Additionally, sixty-one percent of respondents indicated that their auditor’s use of data analytics and other emerging technologies improved the quality of their external audit.

Looking ahead: 
The 2020 audit cycle was unprecedented for the financial reporting ecosystem, entities, and their auditors, most notably when determining how to successfully navigate the challenges to continue to provide high quality financial reporting and high-quality audits to the capital markets. Moving forward, three primary factors that may impact the audit fee marketplace include: future potential regulation, demand for audit services and professionals, and cybersecurity. 

ESG also continues to emerge as an area of focus for finance professionals and auditors as 40 percent of respondents indicated that they disclosed climate-related risks that were considered in the preparation of their 2020 financial statements.

“The ongoing COVID-19 pandemic continues to pose challenges for auditors and preparers, and as such, instilling trust and confidence in financial reporting and the related internal controls over financial reporting was more important than ever this year,” said Andrej Suskavcevic, CAE, President and CEO of Financial Executives International and Financial Education & Research Foundation. “The shift to virtual work environments, enhanced communication, and leveraging technological capabilities were critical components of solidifying that trust and essential to the continuation of ensuring the timely delivery of high-quality reporting.”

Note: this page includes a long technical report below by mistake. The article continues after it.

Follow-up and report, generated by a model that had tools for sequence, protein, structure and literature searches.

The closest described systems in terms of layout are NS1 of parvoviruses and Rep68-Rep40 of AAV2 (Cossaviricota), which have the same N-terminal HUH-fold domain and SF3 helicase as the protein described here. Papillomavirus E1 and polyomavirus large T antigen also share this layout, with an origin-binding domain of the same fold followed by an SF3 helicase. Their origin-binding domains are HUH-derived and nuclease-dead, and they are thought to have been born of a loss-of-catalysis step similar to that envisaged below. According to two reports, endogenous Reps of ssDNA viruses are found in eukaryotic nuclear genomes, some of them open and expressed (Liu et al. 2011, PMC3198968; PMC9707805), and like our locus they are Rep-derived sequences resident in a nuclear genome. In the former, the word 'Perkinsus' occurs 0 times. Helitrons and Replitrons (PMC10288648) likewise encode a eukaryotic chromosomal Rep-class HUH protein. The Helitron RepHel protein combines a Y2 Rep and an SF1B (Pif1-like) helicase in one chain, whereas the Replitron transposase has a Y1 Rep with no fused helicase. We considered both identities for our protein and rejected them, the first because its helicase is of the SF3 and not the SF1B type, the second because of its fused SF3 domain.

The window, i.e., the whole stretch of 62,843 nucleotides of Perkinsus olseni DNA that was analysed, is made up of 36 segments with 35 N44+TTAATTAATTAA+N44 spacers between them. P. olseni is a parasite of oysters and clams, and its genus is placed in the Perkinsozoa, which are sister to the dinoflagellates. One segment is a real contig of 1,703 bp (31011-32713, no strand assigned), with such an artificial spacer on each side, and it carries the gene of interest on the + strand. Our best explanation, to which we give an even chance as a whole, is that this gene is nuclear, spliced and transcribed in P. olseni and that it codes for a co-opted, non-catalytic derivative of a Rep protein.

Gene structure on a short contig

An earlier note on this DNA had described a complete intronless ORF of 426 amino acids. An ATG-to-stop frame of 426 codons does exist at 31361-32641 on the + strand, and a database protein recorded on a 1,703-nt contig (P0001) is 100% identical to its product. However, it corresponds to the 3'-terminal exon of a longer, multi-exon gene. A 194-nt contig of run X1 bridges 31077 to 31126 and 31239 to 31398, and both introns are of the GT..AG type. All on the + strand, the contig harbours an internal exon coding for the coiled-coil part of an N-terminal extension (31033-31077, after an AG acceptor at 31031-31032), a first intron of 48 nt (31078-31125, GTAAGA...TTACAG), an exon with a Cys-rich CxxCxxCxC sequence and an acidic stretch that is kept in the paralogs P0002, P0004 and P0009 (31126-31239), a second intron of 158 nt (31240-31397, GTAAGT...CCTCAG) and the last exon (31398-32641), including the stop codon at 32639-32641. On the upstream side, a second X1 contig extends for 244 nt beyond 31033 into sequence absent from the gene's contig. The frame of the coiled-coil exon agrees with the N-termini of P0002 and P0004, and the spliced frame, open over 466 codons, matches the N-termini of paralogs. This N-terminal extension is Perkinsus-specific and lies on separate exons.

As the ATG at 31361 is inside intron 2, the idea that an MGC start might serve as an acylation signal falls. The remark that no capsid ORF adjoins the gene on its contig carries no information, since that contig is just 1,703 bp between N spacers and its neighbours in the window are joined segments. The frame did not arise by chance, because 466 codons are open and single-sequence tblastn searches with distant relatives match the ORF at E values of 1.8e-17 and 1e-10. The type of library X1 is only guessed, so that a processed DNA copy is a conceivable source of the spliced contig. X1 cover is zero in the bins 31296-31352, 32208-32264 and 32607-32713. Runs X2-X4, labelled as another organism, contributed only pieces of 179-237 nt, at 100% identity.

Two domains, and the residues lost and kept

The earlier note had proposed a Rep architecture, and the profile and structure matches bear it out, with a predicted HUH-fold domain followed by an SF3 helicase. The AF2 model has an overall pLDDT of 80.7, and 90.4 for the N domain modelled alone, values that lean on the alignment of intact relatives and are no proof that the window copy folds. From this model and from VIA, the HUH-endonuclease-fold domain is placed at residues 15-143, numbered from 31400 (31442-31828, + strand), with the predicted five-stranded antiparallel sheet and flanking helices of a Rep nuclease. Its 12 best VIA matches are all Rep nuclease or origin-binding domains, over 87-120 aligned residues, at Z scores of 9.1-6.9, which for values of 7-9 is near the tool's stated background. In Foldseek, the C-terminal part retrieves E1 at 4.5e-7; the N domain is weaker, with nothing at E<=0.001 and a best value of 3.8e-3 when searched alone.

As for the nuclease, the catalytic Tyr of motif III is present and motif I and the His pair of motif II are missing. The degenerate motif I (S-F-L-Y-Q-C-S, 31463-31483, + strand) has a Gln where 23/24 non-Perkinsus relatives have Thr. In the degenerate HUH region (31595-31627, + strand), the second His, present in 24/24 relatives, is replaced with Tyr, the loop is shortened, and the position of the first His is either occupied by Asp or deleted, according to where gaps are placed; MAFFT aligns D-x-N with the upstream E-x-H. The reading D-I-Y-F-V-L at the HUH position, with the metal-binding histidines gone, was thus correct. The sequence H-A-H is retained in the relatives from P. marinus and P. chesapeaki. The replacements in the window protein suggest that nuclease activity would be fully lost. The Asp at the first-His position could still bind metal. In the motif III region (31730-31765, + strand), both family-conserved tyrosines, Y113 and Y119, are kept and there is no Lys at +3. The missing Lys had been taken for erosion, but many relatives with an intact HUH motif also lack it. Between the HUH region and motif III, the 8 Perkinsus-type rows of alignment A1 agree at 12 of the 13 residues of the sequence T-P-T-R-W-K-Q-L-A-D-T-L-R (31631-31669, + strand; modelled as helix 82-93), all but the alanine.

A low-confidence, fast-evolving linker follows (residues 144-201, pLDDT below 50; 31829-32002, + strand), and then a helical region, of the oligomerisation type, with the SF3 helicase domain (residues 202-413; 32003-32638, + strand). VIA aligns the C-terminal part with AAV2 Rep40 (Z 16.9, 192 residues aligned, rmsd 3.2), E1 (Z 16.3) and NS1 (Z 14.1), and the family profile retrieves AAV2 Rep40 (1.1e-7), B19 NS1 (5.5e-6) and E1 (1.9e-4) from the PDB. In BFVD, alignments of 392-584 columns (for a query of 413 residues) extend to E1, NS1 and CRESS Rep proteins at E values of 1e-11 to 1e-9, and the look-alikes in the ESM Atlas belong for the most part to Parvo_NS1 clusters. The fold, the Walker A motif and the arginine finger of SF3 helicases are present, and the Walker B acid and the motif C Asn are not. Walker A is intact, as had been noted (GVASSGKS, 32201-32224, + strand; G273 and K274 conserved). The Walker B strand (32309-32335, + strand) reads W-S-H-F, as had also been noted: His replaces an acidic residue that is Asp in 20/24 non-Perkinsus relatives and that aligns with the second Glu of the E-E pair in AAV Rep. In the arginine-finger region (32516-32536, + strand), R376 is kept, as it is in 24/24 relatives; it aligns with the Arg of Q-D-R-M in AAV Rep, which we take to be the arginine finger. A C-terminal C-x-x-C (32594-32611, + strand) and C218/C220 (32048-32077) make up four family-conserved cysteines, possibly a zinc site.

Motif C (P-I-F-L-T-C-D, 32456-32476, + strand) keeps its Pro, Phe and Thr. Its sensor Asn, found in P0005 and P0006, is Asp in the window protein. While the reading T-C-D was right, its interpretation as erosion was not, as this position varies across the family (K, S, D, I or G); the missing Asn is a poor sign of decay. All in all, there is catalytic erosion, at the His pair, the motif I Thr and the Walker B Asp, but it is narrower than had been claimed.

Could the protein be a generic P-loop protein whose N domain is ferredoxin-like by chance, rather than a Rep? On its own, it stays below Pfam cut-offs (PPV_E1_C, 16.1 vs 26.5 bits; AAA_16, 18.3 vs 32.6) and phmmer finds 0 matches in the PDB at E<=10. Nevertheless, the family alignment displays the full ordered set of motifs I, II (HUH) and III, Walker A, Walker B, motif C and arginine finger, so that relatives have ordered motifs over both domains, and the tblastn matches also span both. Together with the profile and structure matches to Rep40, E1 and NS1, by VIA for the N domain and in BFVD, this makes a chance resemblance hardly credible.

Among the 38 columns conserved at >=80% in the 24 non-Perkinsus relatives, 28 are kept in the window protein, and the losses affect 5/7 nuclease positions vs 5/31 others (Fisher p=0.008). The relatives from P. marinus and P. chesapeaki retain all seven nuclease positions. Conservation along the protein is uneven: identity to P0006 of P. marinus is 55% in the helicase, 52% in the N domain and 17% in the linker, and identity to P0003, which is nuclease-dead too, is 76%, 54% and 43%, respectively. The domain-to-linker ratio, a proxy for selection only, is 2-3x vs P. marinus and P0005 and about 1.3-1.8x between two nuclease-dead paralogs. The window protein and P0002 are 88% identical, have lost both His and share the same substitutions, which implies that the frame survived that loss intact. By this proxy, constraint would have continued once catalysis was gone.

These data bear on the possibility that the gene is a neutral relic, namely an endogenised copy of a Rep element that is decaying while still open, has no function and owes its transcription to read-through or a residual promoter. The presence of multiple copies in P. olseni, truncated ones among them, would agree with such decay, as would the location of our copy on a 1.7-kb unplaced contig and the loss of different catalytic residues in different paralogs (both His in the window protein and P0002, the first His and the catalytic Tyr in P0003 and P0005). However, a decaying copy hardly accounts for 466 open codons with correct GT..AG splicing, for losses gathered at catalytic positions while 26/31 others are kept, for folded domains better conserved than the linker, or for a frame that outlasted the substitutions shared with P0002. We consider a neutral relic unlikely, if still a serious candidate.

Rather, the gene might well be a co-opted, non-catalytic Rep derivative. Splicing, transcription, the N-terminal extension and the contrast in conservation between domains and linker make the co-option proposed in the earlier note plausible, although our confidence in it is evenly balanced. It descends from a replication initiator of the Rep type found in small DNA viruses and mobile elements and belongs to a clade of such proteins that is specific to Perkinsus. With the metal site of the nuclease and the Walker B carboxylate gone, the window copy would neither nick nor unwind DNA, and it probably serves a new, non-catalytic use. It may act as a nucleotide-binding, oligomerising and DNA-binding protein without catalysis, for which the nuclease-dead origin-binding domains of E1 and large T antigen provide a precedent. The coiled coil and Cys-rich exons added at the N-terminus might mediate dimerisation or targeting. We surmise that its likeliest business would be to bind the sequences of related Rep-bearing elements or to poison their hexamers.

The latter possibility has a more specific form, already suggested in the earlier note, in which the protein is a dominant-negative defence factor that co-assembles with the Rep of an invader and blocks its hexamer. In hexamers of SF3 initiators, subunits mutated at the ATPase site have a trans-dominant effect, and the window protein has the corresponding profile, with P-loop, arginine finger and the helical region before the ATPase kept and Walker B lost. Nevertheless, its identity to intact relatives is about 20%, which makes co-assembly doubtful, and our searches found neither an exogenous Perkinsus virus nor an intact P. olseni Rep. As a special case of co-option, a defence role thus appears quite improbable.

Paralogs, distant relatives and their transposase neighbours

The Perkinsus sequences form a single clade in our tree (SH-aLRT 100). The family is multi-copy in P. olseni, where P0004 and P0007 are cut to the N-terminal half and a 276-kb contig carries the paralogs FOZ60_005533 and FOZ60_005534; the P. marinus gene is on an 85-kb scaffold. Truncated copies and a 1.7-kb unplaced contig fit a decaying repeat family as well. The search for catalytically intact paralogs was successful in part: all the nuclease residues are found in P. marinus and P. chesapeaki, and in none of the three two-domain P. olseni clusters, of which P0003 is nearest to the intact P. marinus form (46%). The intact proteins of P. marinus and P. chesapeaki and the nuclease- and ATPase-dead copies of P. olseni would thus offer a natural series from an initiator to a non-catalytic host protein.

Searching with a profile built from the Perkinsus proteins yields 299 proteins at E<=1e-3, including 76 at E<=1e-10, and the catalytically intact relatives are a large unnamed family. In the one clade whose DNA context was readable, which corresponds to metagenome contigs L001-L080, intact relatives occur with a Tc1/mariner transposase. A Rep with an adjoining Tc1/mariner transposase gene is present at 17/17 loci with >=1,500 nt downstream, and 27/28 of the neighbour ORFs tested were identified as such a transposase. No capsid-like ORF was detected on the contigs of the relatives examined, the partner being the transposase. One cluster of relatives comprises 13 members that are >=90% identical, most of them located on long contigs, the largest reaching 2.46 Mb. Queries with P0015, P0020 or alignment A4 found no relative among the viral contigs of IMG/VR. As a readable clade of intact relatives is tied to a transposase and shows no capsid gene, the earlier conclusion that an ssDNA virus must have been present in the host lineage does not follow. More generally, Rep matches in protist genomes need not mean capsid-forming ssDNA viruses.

The complete report can be found here.

Methodology and Sources
The 12th Annual Public Company Audit Fee Study Report examines audit fees companies paid to external auditors for auditing and related services for the period between June 2019 and May 2020. The report is based on responses from more than 51 financial executives at public companies and an additional survey of 80 public company audit firm engagement partners. In addition, the report also examines audit fees as reported by nearly 6,211 SEC filers provided by idaciti. The CAQ also contributed to this the report, including conducting a survey of audit engagement partners.